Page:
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Does a foreign member of a US public company board of directors need a work visa in the USA? For example, if a large foreign company invested in a US public company and wanted board representation, would the representative need to have a work visa?

Or is there a special visa that is used for this, such as a B1?

Does it differ depending on whether the member dials in from abroad or attends the meeting in the USA?

  • @user662852 that visa is for immigrants. What about those who do not intend to immigrate? Also, that visa is for investors. A board member does not necessarily invest in the company. (And why would they when they are normally given stock in the company as compensation?) – phoog Sep 30 '16 at 2:53
  • Dr Xorile: It certainly differs depending on whether the member dials in from abroad. A visa is only necessary to travel to the US. If the board member is in another country, no visa is necessary. – phoog Sep 30 '16 at 2:54
  • Well, s/he would still be earning money from the US company. But I take your point. The main question I guess is if s/he is visiting. – Dr Xorile Sep 30 '16 at 2:56
  • @DrXorile There's no need for US employment authorization if a US company wants to pay someone in another country. The company will need to consider the laws of the country where the payee is, of course, and there are tax considerations as well. One requirement of a B-1 visa is not to receive compensation from a US entity, so I suppose that unless there's an exception for board members, a B-1 would not be applicable. I'm not sure of the answer yet but if I can find it I'll answer the question. – phoog Sep 30 '16 at 3:00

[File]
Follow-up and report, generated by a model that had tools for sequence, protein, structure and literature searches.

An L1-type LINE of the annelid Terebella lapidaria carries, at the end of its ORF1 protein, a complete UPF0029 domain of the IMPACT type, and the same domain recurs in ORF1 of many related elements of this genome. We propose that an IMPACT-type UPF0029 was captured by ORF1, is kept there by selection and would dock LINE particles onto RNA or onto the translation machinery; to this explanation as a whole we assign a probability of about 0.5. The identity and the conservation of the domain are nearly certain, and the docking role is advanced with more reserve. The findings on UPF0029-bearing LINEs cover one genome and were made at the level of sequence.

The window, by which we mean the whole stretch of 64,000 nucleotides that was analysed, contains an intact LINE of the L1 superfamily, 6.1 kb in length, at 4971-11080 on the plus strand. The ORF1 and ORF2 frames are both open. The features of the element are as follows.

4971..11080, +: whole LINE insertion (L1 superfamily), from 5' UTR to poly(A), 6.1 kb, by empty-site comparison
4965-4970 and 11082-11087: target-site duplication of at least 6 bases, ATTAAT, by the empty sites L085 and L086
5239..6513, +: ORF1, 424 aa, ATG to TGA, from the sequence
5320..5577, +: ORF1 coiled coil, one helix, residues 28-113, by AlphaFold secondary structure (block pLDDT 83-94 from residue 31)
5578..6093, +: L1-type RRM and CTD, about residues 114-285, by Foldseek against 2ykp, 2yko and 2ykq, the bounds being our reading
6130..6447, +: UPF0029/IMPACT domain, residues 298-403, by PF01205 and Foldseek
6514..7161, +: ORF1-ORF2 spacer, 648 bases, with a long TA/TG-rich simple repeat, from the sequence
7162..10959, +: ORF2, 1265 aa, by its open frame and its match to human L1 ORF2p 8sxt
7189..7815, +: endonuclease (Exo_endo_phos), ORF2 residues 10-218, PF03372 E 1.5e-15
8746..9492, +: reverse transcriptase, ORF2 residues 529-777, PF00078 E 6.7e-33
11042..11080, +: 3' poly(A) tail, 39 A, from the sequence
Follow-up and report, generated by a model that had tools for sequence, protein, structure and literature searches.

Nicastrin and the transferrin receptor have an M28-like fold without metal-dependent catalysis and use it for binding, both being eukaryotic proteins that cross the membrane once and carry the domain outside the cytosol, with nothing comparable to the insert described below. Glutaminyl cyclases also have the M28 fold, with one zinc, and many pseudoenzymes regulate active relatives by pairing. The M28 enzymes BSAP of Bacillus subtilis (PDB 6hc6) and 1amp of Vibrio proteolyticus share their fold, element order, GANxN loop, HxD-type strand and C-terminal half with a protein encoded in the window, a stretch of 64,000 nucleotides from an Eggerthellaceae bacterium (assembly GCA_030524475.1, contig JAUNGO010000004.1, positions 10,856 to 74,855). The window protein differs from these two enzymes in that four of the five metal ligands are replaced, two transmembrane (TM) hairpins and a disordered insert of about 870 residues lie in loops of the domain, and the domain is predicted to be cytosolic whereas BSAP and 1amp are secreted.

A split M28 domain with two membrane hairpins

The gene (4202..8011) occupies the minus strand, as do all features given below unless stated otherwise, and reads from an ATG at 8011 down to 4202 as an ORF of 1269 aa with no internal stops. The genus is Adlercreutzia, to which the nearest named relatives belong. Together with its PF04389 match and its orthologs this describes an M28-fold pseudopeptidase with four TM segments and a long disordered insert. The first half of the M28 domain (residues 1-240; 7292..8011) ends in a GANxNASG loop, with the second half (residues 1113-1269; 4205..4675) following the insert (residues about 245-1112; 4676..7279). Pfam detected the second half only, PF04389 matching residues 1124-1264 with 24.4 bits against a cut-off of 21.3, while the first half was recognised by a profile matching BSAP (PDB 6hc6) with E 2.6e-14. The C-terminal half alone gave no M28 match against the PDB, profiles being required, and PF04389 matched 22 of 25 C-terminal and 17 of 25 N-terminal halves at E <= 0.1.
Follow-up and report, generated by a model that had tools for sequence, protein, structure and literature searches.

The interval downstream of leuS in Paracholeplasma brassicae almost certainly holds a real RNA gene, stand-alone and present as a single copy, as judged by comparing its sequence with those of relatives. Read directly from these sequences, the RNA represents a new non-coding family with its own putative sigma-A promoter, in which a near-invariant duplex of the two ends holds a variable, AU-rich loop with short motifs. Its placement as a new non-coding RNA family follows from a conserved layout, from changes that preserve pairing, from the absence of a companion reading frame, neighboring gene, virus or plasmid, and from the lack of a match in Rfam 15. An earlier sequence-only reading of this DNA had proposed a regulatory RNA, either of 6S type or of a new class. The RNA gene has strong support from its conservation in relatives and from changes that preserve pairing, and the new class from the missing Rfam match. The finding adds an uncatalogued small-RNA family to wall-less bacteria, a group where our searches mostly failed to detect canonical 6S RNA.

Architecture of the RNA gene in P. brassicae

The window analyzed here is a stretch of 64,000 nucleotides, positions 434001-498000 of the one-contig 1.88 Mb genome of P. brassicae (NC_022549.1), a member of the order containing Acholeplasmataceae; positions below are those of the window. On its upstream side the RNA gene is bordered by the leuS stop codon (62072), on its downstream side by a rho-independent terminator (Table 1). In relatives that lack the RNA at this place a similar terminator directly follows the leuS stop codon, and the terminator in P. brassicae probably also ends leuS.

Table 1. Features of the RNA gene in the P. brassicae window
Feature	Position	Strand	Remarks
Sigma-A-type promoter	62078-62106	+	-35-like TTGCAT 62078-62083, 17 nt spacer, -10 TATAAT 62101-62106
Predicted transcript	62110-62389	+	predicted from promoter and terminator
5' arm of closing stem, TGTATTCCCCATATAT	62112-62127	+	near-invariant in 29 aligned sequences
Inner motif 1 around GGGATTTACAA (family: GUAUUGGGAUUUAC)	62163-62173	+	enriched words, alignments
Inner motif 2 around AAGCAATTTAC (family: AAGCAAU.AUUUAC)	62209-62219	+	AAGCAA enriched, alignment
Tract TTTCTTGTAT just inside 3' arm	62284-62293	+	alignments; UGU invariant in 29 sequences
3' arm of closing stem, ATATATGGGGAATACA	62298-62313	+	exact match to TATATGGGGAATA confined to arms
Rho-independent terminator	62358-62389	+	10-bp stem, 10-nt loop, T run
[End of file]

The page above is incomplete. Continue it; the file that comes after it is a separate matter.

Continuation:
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A normal requirement of B-1 status is that the visitor may not receive compensation for any activities in the US. However, there appears to be an exception for board members.

I was not able to find anything about this on any government sites, but several law firms have information online about permissible B-1 activities, and they all agree that attending board meetings in the US is a permissible B-1 activity.

The first one I saw that noted this as an exception to the rule against receivng compensation was http://www.maggio-kattar.com/sites/default/files/B-1%20Compliance%20Guide.pdf, which says

Some foreign nationals who will perform actual labor for compensation in the U.S. may be admitted as B-1 visitors, including:

  • Members of Boards of Directors of U.S. corporations coming to the U.S. to attend a board meeting or to perform other functions of board membership.

  • [...]

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